Coun­ter­ing for­eign over­reach the key


If the High Court is to find a mid­dle course through the cit­i­zen­ship catas­tro­phe af­fect­ing fed­eral par­lia­ment, it might well be built around a more as­sertive Aus­tralian re­sponse to the over­reach of cit­i­zen­ship laws by Bri­tain and Italy.

Such an out­come might make it pos­si­ble for the court to main­tain the in­tegrity of the con­sti­tu­tional ban on dual ci­ti­zens en­ter­ing par­lia­ment, while avoid­ing in­jus­tice to some of those who have been af­fected by this ban.

The ban, which is con­tained in sec­tion 44(i) of the Con­sti­tu­tion, gen­er­ally op­er­ates by re­ly­ing on the cit­i­zen­ship laws of other coun­tries to de­ter­mine which politi­cians are dual ci­ti­zens.

But there is an ex­cep­tion — for­eign cit­i­zen­ship laws that were de­scribed as “ex­or­bi­tant” dur­ing this week’s High Court hear­ing on whether seven fed­eral politi­cians have breached the ban.

For­mer so­lic­i­tor-gen­eral David Ben­nett QC urged the court to ap­ply this ex­cep­tion to his client, for­mer govern­ment min­is­ter Matt Cana­van, who was caught up in this af­fair be­cause Italy’s con­sti­tu­tional court ret­ro­spec­tively ex­tended the reach of that coun­try’s cit­i­zen­ship law.

If the High Court were to ap­ply — or even ex­pand — the “ex­or­bi­tant law” ex­cep­tion, it might be able to avoid mak­ing the broader changes pro­posed by the govern­ment.

The govern­ment’s pro­posal would have the ef­fect of mean­ing sec­tion 44 would not ap­ply to politi­cians who did not know they were for­eign ci­ti­zens — a move that its crit­ics say would re­quire the court to “read in” new text to the Con­sti­tu­tion.

But if the court were to refuse to recog­nise Italy’s ret­ro­spec­tive law as valid, it might be able to save Cana­van — and some of the other ‘“cit­i­zen­ship seven”.

An­other ben­e­fi­ciary could be Nick Xenophon, who un­wit­tingly gained a form of Bri­tish ”cit­i­zen­ship” that does not even al­low him to en­ter Bri­tain.

But a more dis­crim­i­nat­ing ap­proach to the recog­ni­tion of for­eign cit­i­zen­ship laws might not help Deputy Prime Min­is­ter Barn­aby Joyce, who knew his fa­ther had been born in New Zealand and who un­wit­tingly in­her­ited New Zealand cit­i­zen­ship.

When mea­sured by the num­ber of lawyers crammed into the High Court this week, the cit­i­zen­ship case will take some beat­ing.

The main bar ta­ble was able to ac­com­mo­date only 19 of the 24 silks and bar­ris­ters with the rest rel­e­gated to two small ta­bles be­hind them.

Four of those lawyers dom­i­nated this case: on the govern­ment’s side were So­lic­i­tor-Gen­eral Stephen Don­aghue QC and Bret Walker SC, who are among the na­tion’s most re­spected ad­vo­cates.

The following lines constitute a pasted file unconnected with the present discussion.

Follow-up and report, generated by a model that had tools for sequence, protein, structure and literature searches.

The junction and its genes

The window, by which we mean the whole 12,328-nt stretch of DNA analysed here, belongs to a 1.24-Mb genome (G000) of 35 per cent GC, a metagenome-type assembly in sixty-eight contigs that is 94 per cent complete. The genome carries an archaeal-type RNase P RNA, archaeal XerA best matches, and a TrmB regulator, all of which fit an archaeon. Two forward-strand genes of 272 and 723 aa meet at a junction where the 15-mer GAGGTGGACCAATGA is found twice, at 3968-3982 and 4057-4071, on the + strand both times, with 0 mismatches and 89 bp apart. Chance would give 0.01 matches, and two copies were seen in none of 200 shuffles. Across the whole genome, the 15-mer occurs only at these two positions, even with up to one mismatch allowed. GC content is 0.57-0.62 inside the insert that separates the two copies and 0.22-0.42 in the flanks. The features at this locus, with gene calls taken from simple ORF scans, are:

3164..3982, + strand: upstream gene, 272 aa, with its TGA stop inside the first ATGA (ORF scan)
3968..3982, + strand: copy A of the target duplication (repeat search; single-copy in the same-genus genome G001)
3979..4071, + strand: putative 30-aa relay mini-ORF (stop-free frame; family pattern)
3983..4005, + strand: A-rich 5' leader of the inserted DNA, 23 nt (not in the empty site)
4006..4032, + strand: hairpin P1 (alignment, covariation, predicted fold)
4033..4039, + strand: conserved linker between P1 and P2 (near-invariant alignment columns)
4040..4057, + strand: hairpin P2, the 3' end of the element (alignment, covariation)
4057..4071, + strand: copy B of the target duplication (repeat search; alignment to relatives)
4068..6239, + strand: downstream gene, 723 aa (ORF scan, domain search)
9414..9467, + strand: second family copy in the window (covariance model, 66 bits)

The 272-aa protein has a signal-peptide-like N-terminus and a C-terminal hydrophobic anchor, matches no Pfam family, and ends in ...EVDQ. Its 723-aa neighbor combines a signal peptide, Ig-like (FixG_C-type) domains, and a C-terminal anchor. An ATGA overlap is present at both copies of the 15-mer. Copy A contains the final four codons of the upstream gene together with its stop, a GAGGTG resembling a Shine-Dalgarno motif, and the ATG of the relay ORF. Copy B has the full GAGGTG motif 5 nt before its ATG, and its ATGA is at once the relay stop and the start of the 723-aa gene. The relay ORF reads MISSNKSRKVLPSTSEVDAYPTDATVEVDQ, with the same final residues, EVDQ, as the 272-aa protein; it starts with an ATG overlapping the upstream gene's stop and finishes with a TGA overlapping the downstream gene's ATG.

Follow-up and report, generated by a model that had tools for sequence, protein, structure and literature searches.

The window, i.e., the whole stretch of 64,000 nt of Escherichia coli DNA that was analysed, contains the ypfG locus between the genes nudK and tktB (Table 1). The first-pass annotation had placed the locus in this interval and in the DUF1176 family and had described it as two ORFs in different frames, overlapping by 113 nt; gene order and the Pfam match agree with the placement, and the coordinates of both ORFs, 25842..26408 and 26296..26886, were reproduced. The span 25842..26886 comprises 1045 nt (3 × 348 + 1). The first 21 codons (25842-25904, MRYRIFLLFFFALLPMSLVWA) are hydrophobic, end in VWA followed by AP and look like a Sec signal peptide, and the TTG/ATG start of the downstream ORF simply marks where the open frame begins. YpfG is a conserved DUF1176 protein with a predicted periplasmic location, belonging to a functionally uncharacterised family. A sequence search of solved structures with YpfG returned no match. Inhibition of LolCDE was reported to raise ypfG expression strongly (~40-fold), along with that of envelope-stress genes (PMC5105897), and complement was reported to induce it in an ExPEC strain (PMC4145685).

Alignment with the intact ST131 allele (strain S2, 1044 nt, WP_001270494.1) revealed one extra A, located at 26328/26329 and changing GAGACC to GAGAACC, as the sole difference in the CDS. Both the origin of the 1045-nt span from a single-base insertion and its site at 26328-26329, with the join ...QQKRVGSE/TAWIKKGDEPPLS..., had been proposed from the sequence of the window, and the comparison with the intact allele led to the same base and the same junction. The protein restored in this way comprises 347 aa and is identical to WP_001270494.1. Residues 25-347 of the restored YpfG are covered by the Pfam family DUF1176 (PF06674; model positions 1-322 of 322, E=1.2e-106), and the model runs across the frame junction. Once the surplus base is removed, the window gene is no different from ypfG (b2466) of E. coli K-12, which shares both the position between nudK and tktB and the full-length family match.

Their dom­i­nance was clear from the start. On day one, they ar­rived like di­vas, black robes flow­ing, long af­ter other bar­ris­ters had taken their seats at the main ta­ble and just be­fore the court fell silent, await­ing the ar­rival of the seven judges.

Op­pos­ing Don­aghue and Walker was the equally high­pow­ered team that had been as­sem­bled by Joyce’s po­lit­i­cal ri­val, Tony Wind­sor.

Of­fi­cially, Wind­sor’s team was led by for­mer Fed­eral Court judge Ron Merkel.

But Wind­sor’s real cham­pion was for­mer so­lic­i­tor-gen­eral Justin Glee­son SC, who fell out with the govern­ment last year

If Wind­sor fails to dis­lodge Joyce from par­lia­ment, it will not be for want of try­ing

and re­signed af­ter con­firm­ing he had se­cretly briefed the La­bor Party about the dis­pute.

The depth of Wind­sor’s le­gal fire­power did not end there. Sit­ting in court be­hind Glee­son and Merkel were two part­ners from US lit­i­ga­tion pow­er­house Quinn Emanuel Urquhart & Sullivan, Michael Mills and Michelle Fox.

And be­hind them were solic­i­tors from this firm, which has a suc­cess rate in court that has been es­ti­mated by the le­gal press at some­where between 88 and 91 per cent.

This helps ex­plain why this year’s profit per part­ner at Quinn Emanuel was a touch over $US5 mil­lion ($6.4m).

If Wind­sor fails to dis­lodge Joyce from par­lia­ment. it will not be for want of try­ing.

While the four lead­ing silks had the star­ring roles, there were mem­o­rable mo­ments of ad­vo­cacy among the bit play­ers. Robert Newlinds SC, rep­re­sent­ing se­na­tor Malcolm Roberts, used an econ­omy of lan­guage when ex­plain­ing why his client’s case was just as strong, and pos­si­bly stronger, than the govern­ment’s ar­gu­ment in favour of Joyce and se­na­tor Fiona Nash.

“I’m try­ing to get in to the same boat as Joyce and Nash and then show that I’m in a bet­ter boat,” Newlinds said.

Newspapers in English

Newspapers from Australia

© PressReader. All rights reserved.